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Loft Conversion: Roof Types and Their Implications

There are plenty of solutions to the problem of insufficient living space, but home extension is perhaps the best and most cost-effective way to address the problem. There are of course, many different methods to achieve this, but none is probably as popular as a loft conversion. There’s just a lot of reason why this home extension method is preferred by many homeowners.

Why Go For Loft Conversion?

Turning the attic into a decent, liveable loft room is what loft conversion does. This means to extend a house’s living space basically breathes life into the attic, that space between the roof and the ceiling that often falls to long periods of neglect and misuse.

In many occasions, loft conversion often comes at a great financial cost; sometimes, it may even be deemed as impractical. However, this home extension method is still very popular, and for many understandable reasons. For one, it does not consume a lot of space like first floor extension. As a result, no new construction is needed, thus saving a lot of money on building materials like wood and concrete. Also, a loft conversion is very flexible, and applicable anywhere with a sloped roof.

Types of Roofing Structure

We’ve previously mentioned that loft conversion is not always feasible. The possibility of conversion is decided by various factors, among which is the roof structure. There are three loft conversion roof types, each design dictating what type of loft can be possibly built into it:

1. Truss roof
The truss is a relatively modern type of roof support. Its use became common during the 1960s, and is now a common feature of houses built after the aforementioned decade. It is easily characterized by its W-shaped supports that connect the floor to the ceiling. This unfortunately cannot be converted into a loft, as the required modifications will significantly weaken it. As such, truss roofs are often replaced with better alternatives if conversion ought to push through.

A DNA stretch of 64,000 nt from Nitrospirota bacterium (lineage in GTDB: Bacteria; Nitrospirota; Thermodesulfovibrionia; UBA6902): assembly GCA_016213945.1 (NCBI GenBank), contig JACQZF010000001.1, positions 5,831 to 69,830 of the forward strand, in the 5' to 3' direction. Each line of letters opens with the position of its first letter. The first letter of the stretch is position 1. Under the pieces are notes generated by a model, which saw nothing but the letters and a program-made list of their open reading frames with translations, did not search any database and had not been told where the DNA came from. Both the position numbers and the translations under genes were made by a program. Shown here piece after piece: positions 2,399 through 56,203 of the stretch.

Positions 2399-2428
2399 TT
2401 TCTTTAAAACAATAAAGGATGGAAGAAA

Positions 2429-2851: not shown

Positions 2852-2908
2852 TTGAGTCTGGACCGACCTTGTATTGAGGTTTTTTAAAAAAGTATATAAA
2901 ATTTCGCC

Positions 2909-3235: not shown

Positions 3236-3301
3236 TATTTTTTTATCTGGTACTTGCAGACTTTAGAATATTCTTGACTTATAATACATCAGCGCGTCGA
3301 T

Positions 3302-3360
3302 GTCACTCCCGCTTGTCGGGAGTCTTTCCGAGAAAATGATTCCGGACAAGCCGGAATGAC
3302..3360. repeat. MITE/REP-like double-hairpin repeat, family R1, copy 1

2. Hipped roof
A roof is called hipped if it has sloped sides all throughout. It is also characterized by its rafter supports, and is often called the rafter-type roof. Such internal framework makes this very suitable for conversion as its obstructive beams can be cleared out without consequence. Given the present building regulations regarding head room however, converted hipped roofs do not cover much of the attic’s floor space.

3. Gable roof
The gable refers to one of those loft conversion roof types supported by two or more walls called gables. Converting this creates a loft that maximizes the ceiling space, unlike hipped roof conversions. The gable roof comes in three forms: the “gable” whose pitch or roof height is uniformed; the “gambrel” which has one section of the roof higher than the rest; and the “salt box” which is known for its randomly varying pitch.

Knowing which of these loft conversion roof types sits atop your house is important before planning any conversion project. It not only helps you determine the practicality of loft conversion, but also allows you to learn what sort of conversion is possible and what is not.